In the valley of Nis the accursed waning moon shines thinly, tearing a path for its light with feeble horns through the lethal foliage of a great upas-tree. And within the depths of the valley, where the light reaches not, move forms not meet to be beheld. Rank is the herbage on each slope, where evil vines and creeping plants crawl amidst the stones of ruined palaces, twining tightly about broken columns and strange monoliths, and heaving up marble pavements laid by forgotten hands. And in trees that grow gigantic in crumbling courtyards leap little apes, while in and out of deep treasure-vaults writhe poison serpents and scaly things without a name.
I am Basil Elton, keeper of the North Point light that my father and grandfather kept before me. Far from the shore stands the grey lighthouse, above sunken slimy rocks that are seen when the tide is low, but unseen when the tide is high. Past that beacon for a century have swept the majestic barques of the seven seas. In the days of my grandfather there were many; in the days of my father not so many; and now there are so few that I sometimes feel strangely alone, as though I were the last man on our planet.
From far shores came those white-sailed argosies of old; from far Eastern shores where warm suns shine and sweet odours linger about strange gardens and gay temples. The old captains of the sea came often to my grandfather and told him of these things, which in turn he told to my father, and my father told to me in the long autumn evenings when the wind howled eerily from the East. And I have read more of these things, and of many things besides, in the books men gave me when I was young and filled with wonder.
The horrible conclusion which had been gradually obtruding itself upon my confused and reluctant mind was now an awful certainty. I was lost, completely, hopelessly lost in the vast and labyrinthine recesses of the Mammoth Cave. Turn as I might, in no direction could my straining vision seize on any object capable of serving as a guidepost to set me on the outward path. That nevermore should I behold the blessed light of day, or scan the pleasant hills and dales of the beautiful world outside, my reason could no longer entertain the slightest unbelief. Hope had departed. Yet, indoctrinated as I was by a life of philosophical study, I derived no small measure of satisfaction from my unimpassioned demeanour; for although I had frequently read of the wild frenzies into which were thrown the victims of similar situations, I experienced none of these, but stood quiet as soon as I clearly realised the loss of my bearings.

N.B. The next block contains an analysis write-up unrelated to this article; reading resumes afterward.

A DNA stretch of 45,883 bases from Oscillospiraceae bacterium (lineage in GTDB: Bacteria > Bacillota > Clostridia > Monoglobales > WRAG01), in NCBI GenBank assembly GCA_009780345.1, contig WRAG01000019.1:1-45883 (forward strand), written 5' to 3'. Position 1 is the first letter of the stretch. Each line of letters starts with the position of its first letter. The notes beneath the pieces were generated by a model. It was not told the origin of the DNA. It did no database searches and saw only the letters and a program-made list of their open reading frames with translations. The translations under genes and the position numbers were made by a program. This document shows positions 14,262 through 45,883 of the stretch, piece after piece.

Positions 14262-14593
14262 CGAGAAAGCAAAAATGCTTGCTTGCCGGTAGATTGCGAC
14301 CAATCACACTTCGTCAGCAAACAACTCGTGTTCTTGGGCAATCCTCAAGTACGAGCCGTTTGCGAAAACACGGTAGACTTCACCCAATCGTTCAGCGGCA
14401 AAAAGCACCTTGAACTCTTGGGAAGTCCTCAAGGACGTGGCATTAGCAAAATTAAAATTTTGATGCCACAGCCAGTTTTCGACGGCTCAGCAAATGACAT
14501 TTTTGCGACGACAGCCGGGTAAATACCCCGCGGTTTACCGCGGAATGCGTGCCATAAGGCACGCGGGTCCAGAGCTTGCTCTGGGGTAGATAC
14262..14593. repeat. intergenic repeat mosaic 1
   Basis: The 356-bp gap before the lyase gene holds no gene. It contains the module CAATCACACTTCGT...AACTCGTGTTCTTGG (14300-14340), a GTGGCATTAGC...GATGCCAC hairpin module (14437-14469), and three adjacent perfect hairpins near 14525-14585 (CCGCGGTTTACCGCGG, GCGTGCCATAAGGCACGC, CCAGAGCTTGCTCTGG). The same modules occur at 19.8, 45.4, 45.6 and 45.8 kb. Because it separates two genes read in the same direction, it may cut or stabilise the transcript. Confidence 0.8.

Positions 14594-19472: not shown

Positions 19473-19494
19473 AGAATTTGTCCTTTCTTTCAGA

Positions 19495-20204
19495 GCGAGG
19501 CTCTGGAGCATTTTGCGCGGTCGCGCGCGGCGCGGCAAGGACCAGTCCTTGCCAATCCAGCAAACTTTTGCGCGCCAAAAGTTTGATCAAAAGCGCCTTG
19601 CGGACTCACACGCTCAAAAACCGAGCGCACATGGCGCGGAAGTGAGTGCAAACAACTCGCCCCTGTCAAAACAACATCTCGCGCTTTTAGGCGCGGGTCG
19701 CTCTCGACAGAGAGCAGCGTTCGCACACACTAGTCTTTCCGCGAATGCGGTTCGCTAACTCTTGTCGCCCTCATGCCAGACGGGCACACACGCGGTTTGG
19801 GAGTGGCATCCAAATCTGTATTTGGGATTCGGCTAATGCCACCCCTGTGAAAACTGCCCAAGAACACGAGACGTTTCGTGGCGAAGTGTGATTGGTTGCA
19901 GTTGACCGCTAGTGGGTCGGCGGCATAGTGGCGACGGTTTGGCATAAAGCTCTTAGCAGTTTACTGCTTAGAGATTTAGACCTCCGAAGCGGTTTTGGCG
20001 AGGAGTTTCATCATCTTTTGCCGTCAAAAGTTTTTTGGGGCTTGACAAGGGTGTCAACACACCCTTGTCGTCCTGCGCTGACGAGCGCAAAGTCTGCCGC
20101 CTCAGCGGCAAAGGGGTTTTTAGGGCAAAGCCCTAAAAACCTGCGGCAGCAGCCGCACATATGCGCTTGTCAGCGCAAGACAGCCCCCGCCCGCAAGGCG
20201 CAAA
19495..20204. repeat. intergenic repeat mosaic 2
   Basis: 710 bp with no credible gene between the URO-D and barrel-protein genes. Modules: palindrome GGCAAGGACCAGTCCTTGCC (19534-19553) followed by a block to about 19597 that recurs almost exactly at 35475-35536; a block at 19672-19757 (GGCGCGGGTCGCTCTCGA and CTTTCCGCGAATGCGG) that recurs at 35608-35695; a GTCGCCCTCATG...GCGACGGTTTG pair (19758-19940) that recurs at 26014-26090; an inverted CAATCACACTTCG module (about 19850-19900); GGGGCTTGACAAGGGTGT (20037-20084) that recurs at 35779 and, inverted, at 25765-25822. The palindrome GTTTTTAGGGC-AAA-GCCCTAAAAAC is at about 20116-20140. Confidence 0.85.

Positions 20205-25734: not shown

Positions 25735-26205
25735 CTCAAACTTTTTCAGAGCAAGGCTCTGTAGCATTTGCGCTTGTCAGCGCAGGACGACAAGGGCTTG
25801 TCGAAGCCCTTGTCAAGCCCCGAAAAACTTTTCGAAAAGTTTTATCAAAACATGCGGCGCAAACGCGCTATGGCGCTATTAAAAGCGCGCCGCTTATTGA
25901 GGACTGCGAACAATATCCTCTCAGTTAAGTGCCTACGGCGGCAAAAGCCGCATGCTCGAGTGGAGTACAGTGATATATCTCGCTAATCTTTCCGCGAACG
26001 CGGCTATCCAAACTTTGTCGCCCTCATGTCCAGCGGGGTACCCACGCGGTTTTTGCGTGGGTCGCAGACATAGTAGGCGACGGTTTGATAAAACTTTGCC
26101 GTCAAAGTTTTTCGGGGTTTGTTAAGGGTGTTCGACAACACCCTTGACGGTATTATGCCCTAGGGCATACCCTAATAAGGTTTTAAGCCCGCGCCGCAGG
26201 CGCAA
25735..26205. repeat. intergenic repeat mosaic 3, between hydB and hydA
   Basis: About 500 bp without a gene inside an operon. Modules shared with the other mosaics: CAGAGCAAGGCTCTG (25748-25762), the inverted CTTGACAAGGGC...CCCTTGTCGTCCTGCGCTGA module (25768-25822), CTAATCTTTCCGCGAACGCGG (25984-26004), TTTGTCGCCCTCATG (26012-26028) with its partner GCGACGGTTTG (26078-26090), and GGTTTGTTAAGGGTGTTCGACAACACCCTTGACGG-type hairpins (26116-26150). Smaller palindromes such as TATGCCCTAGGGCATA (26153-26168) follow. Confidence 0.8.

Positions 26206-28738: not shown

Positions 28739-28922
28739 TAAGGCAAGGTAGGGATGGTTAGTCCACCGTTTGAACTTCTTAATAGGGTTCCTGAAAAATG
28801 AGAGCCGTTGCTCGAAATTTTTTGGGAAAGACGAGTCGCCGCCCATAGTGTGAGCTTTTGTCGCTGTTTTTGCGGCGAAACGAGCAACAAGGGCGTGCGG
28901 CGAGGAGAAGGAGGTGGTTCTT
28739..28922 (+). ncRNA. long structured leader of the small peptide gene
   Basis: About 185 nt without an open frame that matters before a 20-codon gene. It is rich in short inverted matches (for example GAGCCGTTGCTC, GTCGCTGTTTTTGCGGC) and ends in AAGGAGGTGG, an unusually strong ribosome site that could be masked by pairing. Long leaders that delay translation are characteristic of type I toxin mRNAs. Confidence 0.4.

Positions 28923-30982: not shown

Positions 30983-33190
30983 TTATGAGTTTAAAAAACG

Nor did the thought that I had probably wandered beyond the utmost limits of an ordinary search cause me to abandon my composure even for a moment. If I must die, I reflected, then was this terrible yet majestic cavern as welcome a sepulchre as that which any churchyard might afford; a conception which carried with it more of tranquility than of despair.
I am writing this under an appreciable mental strain, since by tonight I shall be no more. Penniless, and at the end of my supply of the drug which alone makes life endurable, I can bear the torture no longer; and shall cast myself from this garret window into the squalid street below. Do not think from my slavery to morphine that I am a weakling or a degenerate. When you have read these hastily scrawled pages you may guess, though never fully realise, why it is that I must have forgetfulness or death.
It was in one of the most open and least frequented parts of the broad Pacific that the packet of which I was supercargo fell a victim to the German sea-raider. The great war was then at its very beginning, and the ocean forces of the Hun had not completely sunk to their later degradation; so that our vessel was made a legitimate prize, whilst we of her crew were treated with all the fairness and consideration due us as naval prisoners. So liberal, indeed, was the discipline of our captors, that five days after we were taken I managed to escape alone in a small boat with water and provisions for a good length of time.